is a good idea.

keep posting though, as sometimes that helps, a lot of
people feel better once they have.

krys
xxx
Fourmerk. I feel for you I really do. You have to think of yourself in this uneviable situation, you cannot go on being terrorised by this man, albeit not his fault. I think you have to take time out and have no contact at all with him in order to preserve your sanity. This is probably much easier said than done, I realise that. Please get professional advice in order to see a way forward.
Fourmerk, I can't begin to understand what you're going through. I've heard many carers talk about having to cope with a stranger in the body of someone they love, but I'm fortunate so far in that it hasn't happened to anyone in my family so far.

Many people with brain injuries, dementia, or anything else that can affect the mind, have difficulties in recognising their new limitations and many are totally and blissfully unaware - it seems to the mind's way of coping with a situation it can't understand.

Not that it makes it any easier for you. Have you thought of asking your GP about counselling? Talking about it - really talking - to someone can be of immense help. Certainly I'd talk to the rehab people about counselling for you, if you'd rather not go to your GP.

It is so difficult]http://www.shif.org.uk/[/url] They don't appear to have a web forum but there are contacts, etc., so it's worth a go. There's at least a chance to have contact with more people who are going through the same thing as you.

But don't forget we're still here for you.
Thank you, Charles and krys.

I have been to the GP - a few months ago. He had given me anti-depressants but they didn't work. When I went again, he said there was nothing he could do for me as the depression in a reaction to my circumstances and often the pills don't work for that type osf depression. It turns out that the GP himself was suffering from depression!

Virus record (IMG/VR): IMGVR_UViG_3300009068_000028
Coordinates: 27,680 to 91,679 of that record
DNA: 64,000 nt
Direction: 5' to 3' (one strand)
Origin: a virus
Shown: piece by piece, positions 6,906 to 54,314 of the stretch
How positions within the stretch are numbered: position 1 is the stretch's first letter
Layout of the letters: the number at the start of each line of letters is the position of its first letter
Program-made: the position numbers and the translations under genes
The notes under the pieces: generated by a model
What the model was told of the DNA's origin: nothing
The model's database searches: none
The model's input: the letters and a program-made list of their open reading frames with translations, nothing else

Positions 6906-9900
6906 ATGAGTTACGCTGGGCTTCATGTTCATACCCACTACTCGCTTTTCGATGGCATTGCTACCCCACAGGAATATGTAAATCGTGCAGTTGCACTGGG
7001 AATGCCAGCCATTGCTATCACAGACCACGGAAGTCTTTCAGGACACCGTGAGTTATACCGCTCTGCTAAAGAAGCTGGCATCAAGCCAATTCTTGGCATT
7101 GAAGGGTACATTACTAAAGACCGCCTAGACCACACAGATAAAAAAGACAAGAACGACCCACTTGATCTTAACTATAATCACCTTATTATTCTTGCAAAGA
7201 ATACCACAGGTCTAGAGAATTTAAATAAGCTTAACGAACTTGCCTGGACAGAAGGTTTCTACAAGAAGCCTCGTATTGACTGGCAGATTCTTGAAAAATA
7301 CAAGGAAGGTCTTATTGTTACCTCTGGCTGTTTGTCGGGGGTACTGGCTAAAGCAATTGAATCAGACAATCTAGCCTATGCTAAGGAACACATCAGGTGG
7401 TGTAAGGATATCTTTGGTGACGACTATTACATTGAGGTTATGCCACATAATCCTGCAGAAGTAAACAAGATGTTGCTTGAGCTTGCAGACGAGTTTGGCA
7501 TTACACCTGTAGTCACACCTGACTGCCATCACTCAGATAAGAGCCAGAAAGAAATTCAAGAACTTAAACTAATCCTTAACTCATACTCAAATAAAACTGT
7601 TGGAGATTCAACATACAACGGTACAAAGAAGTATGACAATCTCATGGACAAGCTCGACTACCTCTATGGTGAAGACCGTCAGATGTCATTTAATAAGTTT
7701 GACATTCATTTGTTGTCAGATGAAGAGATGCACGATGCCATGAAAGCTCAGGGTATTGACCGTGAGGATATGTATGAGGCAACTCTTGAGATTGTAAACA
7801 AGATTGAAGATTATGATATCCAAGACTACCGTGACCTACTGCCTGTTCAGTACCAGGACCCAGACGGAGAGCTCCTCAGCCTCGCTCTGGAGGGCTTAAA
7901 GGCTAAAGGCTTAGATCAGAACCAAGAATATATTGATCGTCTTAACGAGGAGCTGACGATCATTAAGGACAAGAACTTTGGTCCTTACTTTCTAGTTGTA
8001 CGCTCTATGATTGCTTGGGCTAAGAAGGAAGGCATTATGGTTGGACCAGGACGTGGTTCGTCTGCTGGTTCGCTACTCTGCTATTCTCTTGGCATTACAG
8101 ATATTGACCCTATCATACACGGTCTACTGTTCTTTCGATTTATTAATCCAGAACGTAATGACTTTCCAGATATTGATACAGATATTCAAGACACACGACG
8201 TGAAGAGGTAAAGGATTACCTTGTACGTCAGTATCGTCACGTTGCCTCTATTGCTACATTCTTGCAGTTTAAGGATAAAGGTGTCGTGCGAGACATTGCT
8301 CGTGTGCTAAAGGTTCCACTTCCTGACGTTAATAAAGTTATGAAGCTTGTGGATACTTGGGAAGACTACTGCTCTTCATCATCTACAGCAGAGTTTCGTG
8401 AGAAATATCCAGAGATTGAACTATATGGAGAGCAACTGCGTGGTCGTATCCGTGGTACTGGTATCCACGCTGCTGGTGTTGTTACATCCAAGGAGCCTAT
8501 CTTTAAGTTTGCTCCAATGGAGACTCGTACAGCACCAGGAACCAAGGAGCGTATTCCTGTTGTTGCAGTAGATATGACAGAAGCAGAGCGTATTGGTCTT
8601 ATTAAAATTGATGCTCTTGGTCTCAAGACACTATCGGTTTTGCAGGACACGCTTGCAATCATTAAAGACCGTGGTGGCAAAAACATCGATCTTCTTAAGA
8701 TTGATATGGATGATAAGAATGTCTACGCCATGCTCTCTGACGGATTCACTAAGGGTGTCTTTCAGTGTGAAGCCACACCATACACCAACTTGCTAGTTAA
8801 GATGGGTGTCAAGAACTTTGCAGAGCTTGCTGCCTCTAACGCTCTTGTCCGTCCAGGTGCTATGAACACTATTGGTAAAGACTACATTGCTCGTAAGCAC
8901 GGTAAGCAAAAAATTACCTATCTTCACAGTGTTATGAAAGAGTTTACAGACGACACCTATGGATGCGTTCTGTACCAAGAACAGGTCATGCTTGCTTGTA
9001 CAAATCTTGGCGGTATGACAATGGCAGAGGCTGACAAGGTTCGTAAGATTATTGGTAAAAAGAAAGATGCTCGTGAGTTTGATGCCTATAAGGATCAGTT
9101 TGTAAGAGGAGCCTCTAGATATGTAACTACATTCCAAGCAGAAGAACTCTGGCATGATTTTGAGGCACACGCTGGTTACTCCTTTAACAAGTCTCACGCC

The rehab/relationship counsellor is a big help and she thinks I should tell my husband that I won't see him or take his phone calls. That doesn't solve the bigger issue: that I can't live with him and that he's desperate to come home and doesn't understand why I won't allow him to live here with me as he's "better now."

I have never heard of SHIF but will take a look.
Morning FM,

Hope you are feeling a bit better this morning and managed to get some sleep.

If you get time take a look at these links...

http://www.rethink.org/applications/dis ... post_id=26

http://www.rethink.org/applications/dis ... =6825&id=0 different circs to yours but some of the feelings the same.

There is a menu down right hand side which allows you to click on different categories.

http://www.sane.org.uk/app/webroot/DiscussionBoard/

I am not sure if the above any use but certainly worth checking out when you have time.

Be strong
Rosemary
x x x x

.
.[/quote]

Dear Rosemary,

I feel washed out this morning. Although I sleep well, I still waken up tired.

I've looked at Rethink and the post you suggested and there are lots of people there with similar problems but, as you say, due to different circumstances. I will join Rethink. Shame they only operate in England, though.

Haven't looked at Sane yet, but will do.

Thank you for everything. You've been a huge help.

Joan
Joan, my husband suffered devastating brain damage after a brain haemorrhage. I am fortunate that his personality hasn't been affected in the way that your husband's has, but some days it is like living will someone with dementia.

Would your husband, if he was in full possession of his faculties, want you to go through the trauma he is putting you through? I bet the answer is 'no'. Therefore you have to protect yourself from him, which he would think was reasonable if he was thinking straight!
Sarniajoy,

There was a patient in my husband's ward who had suffered brain damage from a haemmorhage. It was tragic as he was in his 40's with two young children. He was doubly incontinent and was almost like a baby but was mobile. Eventually after he was discharged, his wife couldn't cope as they didn't get enough carers and he had to go into a home. I can understand and sympathise when you say it's like living with dementia.

I hadn't thought of how my husband would think if he were his real self. You're right. He would hate to see me put through this. Thank you.
Morning Joan,

How are you this morning? Do you have fog up there? My hubby rang this morning to say some of the fellas he works will are fogged on so no flights to get them off the rigs today.Forecast is worse for tomorrow.

x x x